Similarities with the old USSR…

Advice regarding the war against photography:

So what should you do if you’re taking photos and a security guard or police officer approaches you and tells you to stop? First, be polite. Security people have tough jobs and probably mean well. Ask them what legal authority they have to make you stop. (If you’re in a public place, like a street, a park, etc., they have none; if you’re in a private place, such as a shopping mall, they may have a basis for banning pictures.) Krages advises those hassled by security guards to threaten to call law enforcement. If it’s an actual police officer who’s telling you to stop shooting, ask to speak to a superior. And remember–you never have a legal duty to delete pictures you’ve taken.

I can understand our fear of another terrorist attack. But this article reminds me too much of what I witnessed living in the Soviet Union 23 years ago.

About Barbara Dillon Hillas

Mother of global nomads; wife of diplomat; peripatetic lawyer; annotator of foreign service life, rule of law, culture, travel, & whatever strikes my fancy.
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4 Responses to Similarities with the old USSR…

  1. joe says:

    “You do that to my child, and I will make sure you DO delete the pictures. See you in court.”

    Screw court, the only pictures left will be of the photogs prostate.

    PS – I live a few miles from Ground Zero. And I am a firm believer in artistic freedom.

    But any jihadi or anarcho / lefty supporter I see taking pictures of subway entrances etc is either meeting the NYPD asap or can pick up his camera in pieces

    You don’t like it?

    DON’T COME TO AMERICA.

  2. Right after we went into Iraq in 2003 I happened to be involved with a group of Iraqis on a legal program, under tight security. A “Middle Eastern stranger” was outside my building, video taping the surroundings, and it worried me to no end. After calling security, police, etc., it turned out the young man,who had been in exile, was only taking videos/photos of our pretty location while waiting to be reunited with his brother, who was one of the Iraqis in my program. Do I regret the hassle he went through? No. Was I happy that he endured it with grace and was reunited with his brother? Yes.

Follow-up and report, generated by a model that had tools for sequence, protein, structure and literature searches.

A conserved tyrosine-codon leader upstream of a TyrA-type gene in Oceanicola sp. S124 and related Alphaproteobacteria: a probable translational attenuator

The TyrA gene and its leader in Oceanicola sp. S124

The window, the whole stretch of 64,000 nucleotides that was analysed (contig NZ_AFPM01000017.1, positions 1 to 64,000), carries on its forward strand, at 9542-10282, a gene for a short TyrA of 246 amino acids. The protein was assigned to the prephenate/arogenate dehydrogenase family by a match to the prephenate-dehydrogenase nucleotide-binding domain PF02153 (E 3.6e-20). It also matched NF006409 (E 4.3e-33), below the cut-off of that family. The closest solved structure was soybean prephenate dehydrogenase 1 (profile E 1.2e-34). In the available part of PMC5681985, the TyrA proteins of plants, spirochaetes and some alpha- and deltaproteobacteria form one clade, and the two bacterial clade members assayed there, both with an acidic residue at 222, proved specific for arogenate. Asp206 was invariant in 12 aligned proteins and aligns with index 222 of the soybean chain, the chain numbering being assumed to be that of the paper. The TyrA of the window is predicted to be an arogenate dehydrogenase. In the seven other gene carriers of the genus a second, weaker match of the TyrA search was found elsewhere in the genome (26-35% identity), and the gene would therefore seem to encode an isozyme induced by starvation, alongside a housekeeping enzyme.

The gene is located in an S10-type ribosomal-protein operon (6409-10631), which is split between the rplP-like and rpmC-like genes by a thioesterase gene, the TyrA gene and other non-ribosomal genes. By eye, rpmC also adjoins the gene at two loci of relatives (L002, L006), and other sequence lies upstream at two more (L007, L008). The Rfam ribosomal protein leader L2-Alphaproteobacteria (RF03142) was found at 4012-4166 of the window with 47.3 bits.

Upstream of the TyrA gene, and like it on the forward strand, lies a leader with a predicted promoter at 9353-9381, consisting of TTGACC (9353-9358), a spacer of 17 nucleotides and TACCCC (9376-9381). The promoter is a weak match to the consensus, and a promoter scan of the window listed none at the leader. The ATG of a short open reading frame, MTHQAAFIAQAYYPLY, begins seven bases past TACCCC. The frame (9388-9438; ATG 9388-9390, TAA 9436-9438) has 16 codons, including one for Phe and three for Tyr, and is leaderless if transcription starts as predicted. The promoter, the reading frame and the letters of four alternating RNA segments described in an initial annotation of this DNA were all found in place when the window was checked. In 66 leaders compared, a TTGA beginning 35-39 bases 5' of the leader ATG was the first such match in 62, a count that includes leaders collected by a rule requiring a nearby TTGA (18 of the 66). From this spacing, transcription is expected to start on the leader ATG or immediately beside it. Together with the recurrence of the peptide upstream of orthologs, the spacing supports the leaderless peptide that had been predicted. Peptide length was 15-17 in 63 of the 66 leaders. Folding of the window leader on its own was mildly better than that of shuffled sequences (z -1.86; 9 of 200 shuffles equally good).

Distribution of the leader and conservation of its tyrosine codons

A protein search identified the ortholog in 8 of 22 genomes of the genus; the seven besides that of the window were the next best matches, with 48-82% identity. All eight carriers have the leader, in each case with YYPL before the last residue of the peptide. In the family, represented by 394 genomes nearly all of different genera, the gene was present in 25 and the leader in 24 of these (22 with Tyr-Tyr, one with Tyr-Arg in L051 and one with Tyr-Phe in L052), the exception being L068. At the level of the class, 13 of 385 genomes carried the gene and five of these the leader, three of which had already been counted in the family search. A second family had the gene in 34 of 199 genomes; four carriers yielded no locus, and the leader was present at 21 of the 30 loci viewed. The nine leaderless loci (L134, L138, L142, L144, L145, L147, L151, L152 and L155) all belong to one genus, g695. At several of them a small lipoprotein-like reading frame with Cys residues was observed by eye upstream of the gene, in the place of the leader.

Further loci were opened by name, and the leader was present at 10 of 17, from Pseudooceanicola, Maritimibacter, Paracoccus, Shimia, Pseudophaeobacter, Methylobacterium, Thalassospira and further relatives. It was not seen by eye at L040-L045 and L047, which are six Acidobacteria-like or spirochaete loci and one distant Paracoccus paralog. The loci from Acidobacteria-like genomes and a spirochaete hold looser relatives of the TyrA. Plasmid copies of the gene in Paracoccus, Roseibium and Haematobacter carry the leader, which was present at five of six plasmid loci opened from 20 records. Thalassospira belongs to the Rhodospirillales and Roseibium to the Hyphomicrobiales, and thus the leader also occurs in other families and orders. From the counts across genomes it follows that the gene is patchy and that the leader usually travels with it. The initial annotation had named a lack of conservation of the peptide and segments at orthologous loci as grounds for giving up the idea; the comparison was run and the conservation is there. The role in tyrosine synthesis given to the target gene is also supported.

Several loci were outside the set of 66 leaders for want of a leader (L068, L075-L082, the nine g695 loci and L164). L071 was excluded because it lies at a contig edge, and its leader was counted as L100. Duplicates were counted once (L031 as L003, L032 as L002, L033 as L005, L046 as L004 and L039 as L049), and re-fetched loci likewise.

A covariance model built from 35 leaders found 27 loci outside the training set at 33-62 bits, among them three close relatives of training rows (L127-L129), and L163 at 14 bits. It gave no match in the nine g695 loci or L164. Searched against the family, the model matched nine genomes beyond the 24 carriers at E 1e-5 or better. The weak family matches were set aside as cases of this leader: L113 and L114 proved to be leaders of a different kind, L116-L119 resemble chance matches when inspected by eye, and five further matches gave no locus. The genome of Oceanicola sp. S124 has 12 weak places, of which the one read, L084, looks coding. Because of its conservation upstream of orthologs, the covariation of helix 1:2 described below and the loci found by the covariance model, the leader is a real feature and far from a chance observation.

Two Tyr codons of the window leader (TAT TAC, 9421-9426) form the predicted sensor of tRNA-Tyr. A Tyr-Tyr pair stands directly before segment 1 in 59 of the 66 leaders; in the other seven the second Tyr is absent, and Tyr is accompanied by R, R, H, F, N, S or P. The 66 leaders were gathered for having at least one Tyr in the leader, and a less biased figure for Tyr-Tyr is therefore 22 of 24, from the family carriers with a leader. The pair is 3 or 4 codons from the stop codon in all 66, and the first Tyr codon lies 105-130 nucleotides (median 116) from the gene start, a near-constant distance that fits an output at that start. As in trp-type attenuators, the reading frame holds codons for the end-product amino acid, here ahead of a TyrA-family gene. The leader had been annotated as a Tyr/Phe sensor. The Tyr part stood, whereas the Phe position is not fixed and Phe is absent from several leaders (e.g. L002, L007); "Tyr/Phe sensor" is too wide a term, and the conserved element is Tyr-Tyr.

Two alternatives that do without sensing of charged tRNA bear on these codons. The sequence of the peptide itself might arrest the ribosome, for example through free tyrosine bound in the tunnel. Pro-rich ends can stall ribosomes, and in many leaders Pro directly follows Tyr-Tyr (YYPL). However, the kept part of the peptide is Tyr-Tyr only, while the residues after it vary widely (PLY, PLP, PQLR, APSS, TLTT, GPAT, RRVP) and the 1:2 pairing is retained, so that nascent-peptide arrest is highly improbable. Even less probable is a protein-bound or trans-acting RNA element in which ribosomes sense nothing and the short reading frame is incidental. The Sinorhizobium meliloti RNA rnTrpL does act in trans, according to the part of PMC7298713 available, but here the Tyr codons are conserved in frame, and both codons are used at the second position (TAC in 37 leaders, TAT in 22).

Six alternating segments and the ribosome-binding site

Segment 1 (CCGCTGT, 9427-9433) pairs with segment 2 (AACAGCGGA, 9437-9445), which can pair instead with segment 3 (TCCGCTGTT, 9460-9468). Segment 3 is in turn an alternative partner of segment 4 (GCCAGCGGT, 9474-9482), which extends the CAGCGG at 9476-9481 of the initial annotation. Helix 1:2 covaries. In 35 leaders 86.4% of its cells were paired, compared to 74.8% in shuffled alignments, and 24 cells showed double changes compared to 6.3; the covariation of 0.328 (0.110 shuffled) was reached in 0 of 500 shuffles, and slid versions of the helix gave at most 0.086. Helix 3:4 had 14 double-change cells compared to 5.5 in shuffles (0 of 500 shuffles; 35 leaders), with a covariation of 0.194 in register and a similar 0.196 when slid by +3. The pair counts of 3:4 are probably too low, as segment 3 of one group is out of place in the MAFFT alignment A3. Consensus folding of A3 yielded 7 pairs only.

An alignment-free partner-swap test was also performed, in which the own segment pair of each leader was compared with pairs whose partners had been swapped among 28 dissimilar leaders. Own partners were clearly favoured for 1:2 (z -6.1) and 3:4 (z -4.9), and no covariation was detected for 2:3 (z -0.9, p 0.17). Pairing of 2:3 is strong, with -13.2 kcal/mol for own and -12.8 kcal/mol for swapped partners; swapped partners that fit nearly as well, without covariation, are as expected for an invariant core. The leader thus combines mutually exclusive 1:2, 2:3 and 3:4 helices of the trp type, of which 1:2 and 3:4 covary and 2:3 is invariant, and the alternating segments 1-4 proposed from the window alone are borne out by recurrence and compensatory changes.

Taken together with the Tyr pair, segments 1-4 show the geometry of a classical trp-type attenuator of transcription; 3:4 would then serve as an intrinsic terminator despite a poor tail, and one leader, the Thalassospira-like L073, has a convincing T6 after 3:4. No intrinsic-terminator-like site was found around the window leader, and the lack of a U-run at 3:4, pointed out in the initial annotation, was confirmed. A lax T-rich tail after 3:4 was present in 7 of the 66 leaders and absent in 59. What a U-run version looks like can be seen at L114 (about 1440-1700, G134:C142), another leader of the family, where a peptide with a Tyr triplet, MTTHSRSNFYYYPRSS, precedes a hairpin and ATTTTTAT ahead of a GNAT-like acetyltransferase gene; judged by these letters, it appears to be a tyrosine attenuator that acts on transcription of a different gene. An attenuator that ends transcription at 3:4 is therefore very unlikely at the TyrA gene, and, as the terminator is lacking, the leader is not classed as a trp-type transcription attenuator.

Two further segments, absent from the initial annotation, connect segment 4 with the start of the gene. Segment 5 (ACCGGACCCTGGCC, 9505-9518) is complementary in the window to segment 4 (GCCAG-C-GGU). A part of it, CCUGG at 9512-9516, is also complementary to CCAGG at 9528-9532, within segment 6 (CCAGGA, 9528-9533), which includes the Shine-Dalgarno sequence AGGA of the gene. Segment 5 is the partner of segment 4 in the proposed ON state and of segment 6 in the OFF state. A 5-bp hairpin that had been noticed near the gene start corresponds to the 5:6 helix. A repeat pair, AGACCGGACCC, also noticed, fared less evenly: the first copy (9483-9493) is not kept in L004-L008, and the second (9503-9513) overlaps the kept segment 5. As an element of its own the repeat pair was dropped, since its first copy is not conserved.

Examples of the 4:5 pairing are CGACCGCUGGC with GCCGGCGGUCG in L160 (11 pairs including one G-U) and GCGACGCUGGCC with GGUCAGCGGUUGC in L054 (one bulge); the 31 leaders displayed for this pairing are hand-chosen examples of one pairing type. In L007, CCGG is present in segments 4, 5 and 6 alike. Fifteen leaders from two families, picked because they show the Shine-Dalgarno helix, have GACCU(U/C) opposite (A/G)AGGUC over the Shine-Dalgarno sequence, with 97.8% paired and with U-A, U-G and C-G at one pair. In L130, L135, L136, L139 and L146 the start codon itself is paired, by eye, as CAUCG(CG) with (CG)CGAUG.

3. Oceander says:

    “And people have a right to their privacy — and to just be left alone.”

    With all due respect to the author, this statement is nonsense on stilts. The quick and the short of it is, if you value your privacy so much, then keep it private – by staying at home, or in a private location. If you’re sitting out in public, then you have, by definition, vountarily chosen to forgo your privacy.

  4. Lydia says:

    Shortly after 9/11, I was at the Pentagon Center Mall, and watched a Middle Eastern man take detailed video of the entire center court/food court. He filmed all the way around in a panorama, panned up all the way to the top of the third level and back down, and then filmed the elevators and escalators, and then all the exits. I reported it to the FBI and well as to mall security. It gave me the creeps. Aside from that, I think people have a right not to be photographed or filmed if they don’t want to be. The other thing that creeps me out is people who photograph or film children they don’t know. You do that to my child, and I will make sure you DO delete the pictures. See you in court. This is not the Soviet Union. And people have a right to their privacy — and to just be left alone.

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